Acai is the rock star of berries - but are you eating it the right way?

If you’ve come even within sniffing distance of a health food shop, you may have noticed açaì. It’s everywhere, from bowls and smoothies, to juices and even ice cream. But what does it do, exactly? And how do you even pronounce “acai"?

Açaì (pronounced “ah-sigh-eeh”) berries have exploded in popularity in recent years, and are widely touted as a powerful addition to the superfood family. It’s easy to see why: each luscious purple berry is bursting with antioxidants, vitamins, and fibre, which all work to boost skin, brain, and heart health.

The one-inch round berries, which taste like a cross between blackberries and unsweetened chocolate, grow on acai palm trees native to the rainforests of Central and South America. Acai’s nutritional value has made these berries important to the indigenous tribes there, sometimes making up more than 25% of their food intake.

While acai comes in different colours like white and red, it’s the purple ones that have gotten the most recognition and for good reason: anthocyanins, the compound that gives acai its beautiful deep purple colour, is also a powerful antioxidant that helps to prevent cardiovascular illnesses and diseases like cancer and diabetes. 

And that’s not all: according to The American Journal of Clinical Nutrition, acai’s high levels of plant sterols can relax blood vessels to reduce blood pressure, preventing clots that could lead to strokes and heart attacks.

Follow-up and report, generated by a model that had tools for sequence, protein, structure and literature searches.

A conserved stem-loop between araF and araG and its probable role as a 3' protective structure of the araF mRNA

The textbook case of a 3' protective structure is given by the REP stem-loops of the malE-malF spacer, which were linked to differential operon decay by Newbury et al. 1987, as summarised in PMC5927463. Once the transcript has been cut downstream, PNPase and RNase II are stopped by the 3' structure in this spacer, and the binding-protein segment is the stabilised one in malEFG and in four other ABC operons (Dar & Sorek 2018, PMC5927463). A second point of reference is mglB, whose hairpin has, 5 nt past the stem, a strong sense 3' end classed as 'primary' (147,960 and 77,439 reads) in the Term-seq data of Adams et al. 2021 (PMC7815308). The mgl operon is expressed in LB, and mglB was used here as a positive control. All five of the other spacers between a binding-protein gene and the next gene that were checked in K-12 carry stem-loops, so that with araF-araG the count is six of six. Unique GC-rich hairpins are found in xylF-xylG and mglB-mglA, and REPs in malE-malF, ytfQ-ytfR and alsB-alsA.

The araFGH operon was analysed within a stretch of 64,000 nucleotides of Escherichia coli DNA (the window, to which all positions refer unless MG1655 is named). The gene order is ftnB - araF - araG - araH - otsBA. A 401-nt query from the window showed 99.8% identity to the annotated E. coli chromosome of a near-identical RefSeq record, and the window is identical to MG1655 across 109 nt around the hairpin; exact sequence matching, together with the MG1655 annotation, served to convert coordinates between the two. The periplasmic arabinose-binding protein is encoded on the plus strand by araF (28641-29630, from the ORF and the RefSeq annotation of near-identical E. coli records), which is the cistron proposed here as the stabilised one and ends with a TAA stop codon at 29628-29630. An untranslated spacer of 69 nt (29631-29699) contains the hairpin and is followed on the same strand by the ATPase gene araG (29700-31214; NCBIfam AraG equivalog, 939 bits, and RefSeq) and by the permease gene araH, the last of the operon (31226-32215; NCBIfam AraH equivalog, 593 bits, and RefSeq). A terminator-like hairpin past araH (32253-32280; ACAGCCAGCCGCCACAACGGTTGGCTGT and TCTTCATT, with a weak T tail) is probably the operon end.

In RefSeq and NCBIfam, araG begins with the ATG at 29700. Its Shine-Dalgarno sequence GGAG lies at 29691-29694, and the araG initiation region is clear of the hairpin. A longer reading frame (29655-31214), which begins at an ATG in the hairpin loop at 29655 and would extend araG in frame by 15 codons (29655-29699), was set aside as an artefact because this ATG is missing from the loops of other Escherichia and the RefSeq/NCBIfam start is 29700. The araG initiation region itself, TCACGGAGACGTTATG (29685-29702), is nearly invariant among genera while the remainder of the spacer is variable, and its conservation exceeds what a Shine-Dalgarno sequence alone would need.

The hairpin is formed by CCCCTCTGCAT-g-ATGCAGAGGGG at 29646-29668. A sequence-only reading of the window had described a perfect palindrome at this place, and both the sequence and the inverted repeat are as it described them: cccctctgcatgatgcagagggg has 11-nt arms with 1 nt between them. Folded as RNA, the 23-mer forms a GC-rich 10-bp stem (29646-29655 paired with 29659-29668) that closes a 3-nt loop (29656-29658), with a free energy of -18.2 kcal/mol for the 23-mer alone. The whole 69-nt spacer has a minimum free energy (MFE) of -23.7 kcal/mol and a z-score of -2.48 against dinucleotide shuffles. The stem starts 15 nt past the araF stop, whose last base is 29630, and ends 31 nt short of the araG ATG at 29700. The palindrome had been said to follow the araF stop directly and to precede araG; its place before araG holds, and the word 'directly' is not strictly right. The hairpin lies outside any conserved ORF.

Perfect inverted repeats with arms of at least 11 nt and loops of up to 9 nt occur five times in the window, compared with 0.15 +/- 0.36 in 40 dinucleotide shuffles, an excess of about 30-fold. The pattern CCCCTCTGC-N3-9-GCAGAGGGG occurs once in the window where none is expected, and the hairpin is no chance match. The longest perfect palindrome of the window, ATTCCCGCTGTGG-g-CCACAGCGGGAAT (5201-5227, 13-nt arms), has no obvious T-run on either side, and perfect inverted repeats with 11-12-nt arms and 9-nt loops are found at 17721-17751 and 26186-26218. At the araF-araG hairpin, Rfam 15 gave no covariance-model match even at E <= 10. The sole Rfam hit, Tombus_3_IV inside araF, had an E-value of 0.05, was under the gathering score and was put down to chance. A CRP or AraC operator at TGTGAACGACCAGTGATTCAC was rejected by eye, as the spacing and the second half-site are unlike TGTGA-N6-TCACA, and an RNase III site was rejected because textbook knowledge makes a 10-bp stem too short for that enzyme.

So what’s the catch?

As amazing as this berry is, it suffers from one drawback: it’s bitter. This forces many shops to add sugar, sweetened soy or almond milk, or fruit juices into their products to make it more palatable. While this sounds like a healthy snack, it can cause the sugar levels to stack up.

An averaged-sized bowl can have anywhere from 21-62g of sugar per serving, whereas the Health Organisation recommends roughly 45g of sugar for a 1,800kcal diet to reduce the risks of obesity and tooth decay, alongside other health risks that come from consuming too much sugar.

The good news is that we have some useful tips on maximising the benefits of acai without overloading on sugar!

Opt for veggies or nuts in your acai bowl

In shops where you get to build your own bowl, avoid sweet toppings and try to limit your fruit choices - including acai - to just one cup, with the rest of the bowl consisting of vegetables like zucchini, or nuts for an extra nutrient zing. 

Watch your portions

If your acai serving for the day comes in a smoothie, note that its blended form means less fibre in your cup! Cutting out the fibre means you may feel the need to consume more in order to feel full - but this could lead to a tonne of extra calories and sugar. Keep an eye on portion sizes, and if necessary, fill up on a fibre-rich side that will do the job without adding sugar into your meal.

Make it yourself

When in doubt, do your own acai-based meal preps! You can purchase acai in puree (check for added sugars first) or powder form: adding some pumpkin to it will add a burst of sweetness and fibre, or you can always opt for your favourite jar of honey to balance out the bitter notes.

This incredible source of antioxidants definitely deserves its rockstar status - just remain mindful of the other ingredients that go with it, and enjoy!


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